HEPL, founded in 1947 as Stanford's first Independent Laboratory, provides facilities and administrative structure enabling faculty to do research that spans across the boundaries of a single department or school—for example: physics & engineering or physics & biology/medicine. The Independent Laboratory concept, in many ways unique to Stanford, facilitates world-class research and teaching.
For more information about HEPL research, see the Research page.
The wireless retinal implants convert
light transmitted from special glasses
into electrical current, stimulating
the retina's bipolar cells.
—Images courtesy of the Palanker lab
A multidisciplinary Stanford/HEPL research team, led by Professor Daniel Palanker, has developed a wireless retinal implant that they say could restore vision five times better than existing devices.
Results in rat studies suggest it could provide functional vision to patients with retinal degenerative diseases, such as retinitis pigmentosa or macular degeneration.
A paper describing the implant was published online April 27 in Nature Medicine.
“The performance we’re observing at the moment is very encouraging,” said Georges Goetz, a lead author of the paper and graduate student in electrical engineering at Stanford. “Based on our current results, we hope that human recipients of this implant will be able to recognize objects and move about.”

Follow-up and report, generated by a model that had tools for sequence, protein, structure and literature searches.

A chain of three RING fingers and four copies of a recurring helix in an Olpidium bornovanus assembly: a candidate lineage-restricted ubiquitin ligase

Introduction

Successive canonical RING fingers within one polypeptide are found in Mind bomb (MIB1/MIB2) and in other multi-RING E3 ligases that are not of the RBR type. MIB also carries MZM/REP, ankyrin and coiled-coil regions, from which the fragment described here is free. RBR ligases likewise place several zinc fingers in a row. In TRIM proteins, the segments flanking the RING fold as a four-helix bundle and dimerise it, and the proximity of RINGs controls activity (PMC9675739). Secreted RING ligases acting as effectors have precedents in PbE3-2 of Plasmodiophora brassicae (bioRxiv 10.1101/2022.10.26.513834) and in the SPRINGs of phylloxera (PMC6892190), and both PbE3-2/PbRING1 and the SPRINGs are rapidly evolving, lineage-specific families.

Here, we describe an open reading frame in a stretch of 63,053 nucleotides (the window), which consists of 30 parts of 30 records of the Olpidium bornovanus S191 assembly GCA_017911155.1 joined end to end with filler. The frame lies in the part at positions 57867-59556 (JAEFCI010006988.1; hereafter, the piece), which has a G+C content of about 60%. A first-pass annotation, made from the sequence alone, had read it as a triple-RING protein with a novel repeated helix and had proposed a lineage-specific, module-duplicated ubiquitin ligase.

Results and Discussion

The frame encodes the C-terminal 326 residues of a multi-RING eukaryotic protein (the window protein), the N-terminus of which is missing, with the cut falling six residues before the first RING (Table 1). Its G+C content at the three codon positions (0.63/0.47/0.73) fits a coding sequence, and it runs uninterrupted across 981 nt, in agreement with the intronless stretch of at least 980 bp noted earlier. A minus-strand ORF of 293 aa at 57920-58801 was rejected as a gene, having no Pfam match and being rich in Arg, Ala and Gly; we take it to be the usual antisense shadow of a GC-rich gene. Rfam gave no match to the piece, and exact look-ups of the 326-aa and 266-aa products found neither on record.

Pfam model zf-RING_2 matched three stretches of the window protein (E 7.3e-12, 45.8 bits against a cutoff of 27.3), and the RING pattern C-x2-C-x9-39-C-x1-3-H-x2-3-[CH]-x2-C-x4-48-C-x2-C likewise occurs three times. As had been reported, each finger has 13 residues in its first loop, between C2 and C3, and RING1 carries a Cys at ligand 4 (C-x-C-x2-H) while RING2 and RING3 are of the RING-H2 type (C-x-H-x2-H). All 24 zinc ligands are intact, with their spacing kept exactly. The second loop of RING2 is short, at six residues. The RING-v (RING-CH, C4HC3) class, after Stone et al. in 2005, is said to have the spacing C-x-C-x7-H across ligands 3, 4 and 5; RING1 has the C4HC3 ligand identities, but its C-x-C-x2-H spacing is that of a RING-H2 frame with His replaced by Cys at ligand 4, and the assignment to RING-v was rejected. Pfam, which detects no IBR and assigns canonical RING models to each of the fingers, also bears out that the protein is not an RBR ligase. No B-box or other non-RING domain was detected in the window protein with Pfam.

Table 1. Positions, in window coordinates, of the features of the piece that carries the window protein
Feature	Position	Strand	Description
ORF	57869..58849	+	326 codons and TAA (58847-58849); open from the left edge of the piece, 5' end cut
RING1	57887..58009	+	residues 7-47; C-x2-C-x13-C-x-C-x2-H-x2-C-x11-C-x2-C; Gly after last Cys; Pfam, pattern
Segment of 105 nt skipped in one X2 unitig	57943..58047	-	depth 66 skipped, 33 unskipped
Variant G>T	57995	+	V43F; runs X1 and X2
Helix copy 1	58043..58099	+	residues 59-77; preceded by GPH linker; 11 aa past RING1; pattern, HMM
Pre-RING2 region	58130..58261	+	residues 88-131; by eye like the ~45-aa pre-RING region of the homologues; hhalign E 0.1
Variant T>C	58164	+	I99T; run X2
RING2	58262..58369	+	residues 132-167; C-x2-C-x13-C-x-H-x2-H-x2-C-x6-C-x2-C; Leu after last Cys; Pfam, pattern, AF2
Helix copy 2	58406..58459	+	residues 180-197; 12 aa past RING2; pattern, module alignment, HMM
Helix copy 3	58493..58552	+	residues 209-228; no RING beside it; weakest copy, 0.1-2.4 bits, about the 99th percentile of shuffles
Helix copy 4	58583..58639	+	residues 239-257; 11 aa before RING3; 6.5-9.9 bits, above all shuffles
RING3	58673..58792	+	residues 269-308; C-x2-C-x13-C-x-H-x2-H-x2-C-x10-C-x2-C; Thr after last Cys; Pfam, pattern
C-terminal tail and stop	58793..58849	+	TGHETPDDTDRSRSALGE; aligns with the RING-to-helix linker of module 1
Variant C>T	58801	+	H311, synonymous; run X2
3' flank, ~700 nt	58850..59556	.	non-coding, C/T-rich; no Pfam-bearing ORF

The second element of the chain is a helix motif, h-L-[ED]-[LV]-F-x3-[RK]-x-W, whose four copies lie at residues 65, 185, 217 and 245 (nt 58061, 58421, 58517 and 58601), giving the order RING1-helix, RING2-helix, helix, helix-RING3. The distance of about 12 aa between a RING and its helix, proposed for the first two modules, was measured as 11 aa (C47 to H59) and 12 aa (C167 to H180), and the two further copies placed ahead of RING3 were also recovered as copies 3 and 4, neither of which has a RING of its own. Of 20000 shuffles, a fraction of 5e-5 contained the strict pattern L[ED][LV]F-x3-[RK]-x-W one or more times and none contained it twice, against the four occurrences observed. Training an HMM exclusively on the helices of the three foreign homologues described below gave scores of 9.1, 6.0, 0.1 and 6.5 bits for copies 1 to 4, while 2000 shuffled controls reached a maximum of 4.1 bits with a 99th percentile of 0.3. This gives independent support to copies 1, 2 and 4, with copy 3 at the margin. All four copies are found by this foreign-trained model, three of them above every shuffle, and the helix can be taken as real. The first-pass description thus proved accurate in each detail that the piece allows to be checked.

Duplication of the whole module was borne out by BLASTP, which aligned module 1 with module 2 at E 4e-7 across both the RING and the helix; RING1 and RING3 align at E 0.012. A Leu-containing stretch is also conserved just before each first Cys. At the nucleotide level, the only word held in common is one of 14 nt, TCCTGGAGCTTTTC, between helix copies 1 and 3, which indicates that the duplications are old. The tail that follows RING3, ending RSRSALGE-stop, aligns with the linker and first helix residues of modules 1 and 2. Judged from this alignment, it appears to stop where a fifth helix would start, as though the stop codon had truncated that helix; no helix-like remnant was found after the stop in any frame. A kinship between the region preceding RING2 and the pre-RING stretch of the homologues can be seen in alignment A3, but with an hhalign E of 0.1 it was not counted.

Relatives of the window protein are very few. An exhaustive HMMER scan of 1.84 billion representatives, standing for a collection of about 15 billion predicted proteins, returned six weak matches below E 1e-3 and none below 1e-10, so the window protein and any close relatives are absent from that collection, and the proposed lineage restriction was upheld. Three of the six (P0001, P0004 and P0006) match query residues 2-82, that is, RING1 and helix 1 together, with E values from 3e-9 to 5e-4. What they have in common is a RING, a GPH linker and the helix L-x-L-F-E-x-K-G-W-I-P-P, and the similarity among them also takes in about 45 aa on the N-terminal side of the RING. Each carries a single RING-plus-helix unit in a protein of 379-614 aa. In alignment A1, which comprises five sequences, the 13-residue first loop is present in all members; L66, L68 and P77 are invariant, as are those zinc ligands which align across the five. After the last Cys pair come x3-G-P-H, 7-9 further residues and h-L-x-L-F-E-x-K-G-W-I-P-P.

The study of exoplanets – planets around other stars – is a relatively new field, but planet-hunting efforts have been prolific. The discovery of the first exoplanet around a star like our sun was made in 1995, and NASA's Kepler space telescope has detected more than 1,000 exoplanets in the past six years.
Now a new NASA initiative aims to answer the big question: Is there life on these alien worlds? The NExSS (Nexus for Exoplanet System Science) initiative will bring together the "best and brightest," according to a NASA press release. NExSS will marshal the expertise of 10 universities, three NASA centers and two research institutes.
One NExSS project, called "Exoplanets Unveiled," will specifically address this question: What are the properties of exoplanetary systems, particularly as they relate to their formation, evolution and potential to harbor life? The project is led by James Graham, a professor of astronomy at the University of California, Berkeley, and will draw upon the expertise of Bruce Macintosh, a professor of physics at Stanford and the principal investigator for the Gemini Planet Imager (GPI).